5. Blue Donkey Fables by Suniti Namjoshi. "Born in India in 1941, Suniti Namloshi has published numerous volumes of poems and fables. This collection combines poems and fables with her wondrous invention, the blue donkey, who is a town icon, a tourist attraction, an artist, a legend. The blue donkey can be seen walking through town, after her retirement, letting everyone know she has not died, but only changed color. These fables are irresistible."
You’ve been described as a “comedian.” How do you feel about that description?
Well, it’s a little bit of pressure, actually. [Laughs] I mean, growing up I was kind of a class clown, so in that sense I guess I’ve accepted it. But one of my early years writing, I think I went away from that and got more and more serious. Everything had to end in death. If it wasn’t a little morbid, I wasn’t happy.
So you're not trying to be funny. You’re naturally funny and you’re trying to get away from that?
I was earlier in my writing. I feel like my early books were about my work life and family life but also they were focused on things I considered at the time—the death of my father, a ritualistic discussion of family life and work life and living and growing up in St. Louis. I think at one point I reached a point where I thought: why not let more of my personality into the work instead of being so narrow? Over the years, I feel like I’ve been getting more of me into my work.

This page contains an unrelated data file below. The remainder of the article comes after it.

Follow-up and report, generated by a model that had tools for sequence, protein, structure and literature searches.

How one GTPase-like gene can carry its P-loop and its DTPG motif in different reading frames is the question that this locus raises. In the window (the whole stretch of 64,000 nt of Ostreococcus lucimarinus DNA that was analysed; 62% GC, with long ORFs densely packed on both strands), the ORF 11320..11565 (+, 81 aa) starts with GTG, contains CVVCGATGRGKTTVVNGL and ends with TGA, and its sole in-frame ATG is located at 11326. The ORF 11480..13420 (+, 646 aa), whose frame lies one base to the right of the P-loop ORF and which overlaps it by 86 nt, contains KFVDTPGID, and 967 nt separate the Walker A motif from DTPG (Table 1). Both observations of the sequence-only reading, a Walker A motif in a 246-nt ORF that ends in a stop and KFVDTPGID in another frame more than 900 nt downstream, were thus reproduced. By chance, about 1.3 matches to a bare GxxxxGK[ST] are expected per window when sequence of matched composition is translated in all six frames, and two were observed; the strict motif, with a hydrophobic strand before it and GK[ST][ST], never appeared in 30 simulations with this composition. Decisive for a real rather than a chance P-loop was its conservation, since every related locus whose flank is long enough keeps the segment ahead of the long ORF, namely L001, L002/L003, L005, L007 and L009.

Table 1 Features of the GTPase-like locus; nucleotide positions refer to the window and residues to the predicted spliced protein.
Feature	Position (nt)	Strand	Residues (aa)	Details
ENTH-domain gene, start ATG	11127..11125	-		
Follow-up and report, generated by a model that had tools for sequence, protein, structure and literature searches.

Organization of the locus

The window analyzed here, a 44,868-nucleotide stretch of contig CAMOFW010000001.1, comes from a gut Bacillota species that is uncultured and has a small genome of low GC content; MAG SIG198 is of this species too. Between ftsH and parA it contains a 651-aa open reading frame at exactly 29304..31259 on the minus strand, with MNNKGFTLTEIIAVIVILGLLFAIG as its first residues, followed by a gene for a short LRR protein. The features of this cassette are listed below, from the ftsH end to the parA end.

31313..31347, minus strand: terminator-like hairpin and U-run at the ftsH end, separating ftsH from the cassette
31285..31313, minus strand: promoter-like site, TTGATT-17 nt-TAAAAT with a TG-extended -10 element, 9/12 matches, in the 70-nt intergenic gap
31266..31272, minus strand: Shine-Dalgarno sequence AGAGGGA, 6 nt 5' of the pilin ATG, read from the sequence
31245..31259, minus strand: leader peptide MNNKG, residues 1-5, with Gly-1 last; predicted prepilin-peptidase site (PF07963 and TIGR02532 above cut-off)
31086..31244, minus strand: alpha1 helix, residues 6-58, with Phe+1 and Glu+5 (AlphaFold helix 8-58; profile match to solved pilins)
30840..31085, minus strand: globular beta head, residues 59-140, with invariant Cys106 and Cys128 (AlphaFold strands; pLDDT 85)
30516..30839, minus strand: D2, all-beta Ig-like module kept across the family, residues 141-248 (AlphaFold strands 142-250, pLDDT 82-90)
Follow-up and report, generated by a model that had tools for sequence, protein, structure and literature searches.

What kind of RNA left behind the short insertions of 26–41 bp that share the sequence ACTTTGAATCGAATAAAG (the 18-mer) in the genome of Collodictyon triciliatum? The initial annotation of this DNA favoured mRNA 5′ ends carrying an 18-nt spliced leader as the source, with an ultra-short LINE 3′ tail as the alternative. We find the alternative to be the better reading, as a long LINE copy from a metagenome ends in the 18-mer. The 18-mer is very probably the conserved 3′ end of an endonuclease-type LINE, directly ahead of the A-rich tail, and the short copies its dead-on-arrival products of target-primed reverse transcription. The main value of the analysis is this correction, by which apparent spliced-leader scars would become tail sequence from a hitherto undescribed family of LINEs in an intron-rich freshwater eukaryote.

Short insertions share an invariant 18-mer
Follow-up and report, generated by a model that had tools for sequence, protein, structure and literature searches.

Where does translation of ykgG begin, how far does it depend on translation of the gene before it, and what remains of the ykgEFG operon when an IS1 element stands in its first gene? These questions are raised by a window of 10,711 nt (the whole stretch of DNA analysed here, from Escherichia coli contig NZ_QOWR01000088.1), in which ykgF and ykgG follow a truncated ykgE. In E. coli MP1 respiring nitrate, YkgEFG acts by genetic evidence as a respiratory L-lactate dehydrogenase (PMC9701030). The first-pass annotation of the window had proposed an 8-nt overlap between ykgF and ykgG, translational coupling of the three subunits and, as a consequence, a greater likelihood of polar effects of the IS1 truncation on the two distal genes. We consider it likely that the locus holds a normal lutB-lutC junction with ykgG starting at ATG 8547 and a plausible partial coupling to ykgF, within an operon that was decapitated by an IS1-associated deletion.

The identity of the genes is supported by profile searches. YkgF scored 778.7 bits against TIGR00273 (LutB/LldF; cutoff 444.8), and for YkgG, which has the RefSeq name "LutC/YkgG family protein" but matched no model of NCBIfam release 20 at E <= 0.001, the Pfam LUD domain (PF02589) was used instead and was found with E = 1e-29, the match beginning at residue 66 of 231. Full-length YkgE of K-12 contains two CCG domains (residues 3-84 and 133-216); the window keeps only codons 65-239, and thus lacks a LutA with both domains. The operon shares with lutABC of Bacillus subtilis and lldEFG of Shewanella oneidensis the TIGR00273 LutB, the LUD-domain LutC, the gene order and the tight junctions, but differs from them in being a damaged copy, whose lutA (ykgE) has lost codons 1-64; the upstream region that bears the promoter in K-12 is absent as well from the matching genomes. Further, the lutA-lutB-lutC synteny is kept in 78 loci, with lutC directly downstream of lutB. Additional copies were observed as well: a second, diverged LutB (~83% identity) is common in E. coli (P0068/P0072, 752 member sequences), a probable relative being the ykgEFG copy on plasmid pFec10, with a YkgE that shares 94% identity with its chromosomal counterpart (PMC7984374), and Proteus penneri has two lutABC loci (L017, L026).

Have you been getting a better response to your work since then?
I’ve always gotten a good response to my work, but I get a different response at this point. You know what I mean? I’m happier right now, writing what I’m writing. I always say that as soon as I finish writing anything, “Wow, that’s the greatest piece ever done in the world!” and then the next day, “That’s the worst piece ever done in the world!” But I do feel like there are more elements of me that have come out in this that are good. Right now, this is what I should be writing because that’s where it’s going. It’s been entertaining. I like the idea of entertaining people.
One of the poems that entertained me was the poem called “The Beer Bear.” Can you read that for us?
Face to face with the bear, I raised my baseball bat and watched him, but he seemed more interested in the garbage dumpster he had just plundered. "Bash his brains out," the crow in the driveway shouted, but the bear's hackles relaxed down his neck as he continued eating from a white hefty bag. "Is that good," I asked. The bear nodded. "Can I get a cold one?" he said. I went inside and uncorked a Sam Adams. "I'm sure that serving beer to a bear is against the law," I said, but handed it to him anyway. "Show me the law," he countered. He stood up to slug it down, and I could see he had a roll of fat around the middle, a big beer gut. Very unbearlike, I thought. "Give me another, please." In no time he downed five more beers and devoured the garbage. Now he looked drunk, stumbling around in the carport, banging on the car hood, knocking things over. "Jump him while he's drunk," the crow cried. "Get me another," the bear demanded. "I'm out," I said. "Besides, I don't believe you're a bear; you're just a drunk disguised as a bear." "No, I'm a beer disguised as a bear," he answered, pouring himself into the bottle, where he became a bottle of bear. "Cap it," the crow shouted before he gets away." He cawed loudly, and soon the driveway was full of crows, demanding I take action. Before he could pour himself out again, I chugged him down, the bear burning in my belly, demanding more, more.
That has the quality of a very strange dream.
Yes, actually I think I work out of that. It was influenced by Kafka, Zbigniew Herbert, a lot of the fable writers, and the Biblical writers, too. So I do feel like these are fable, dream-like pieces a lot of times.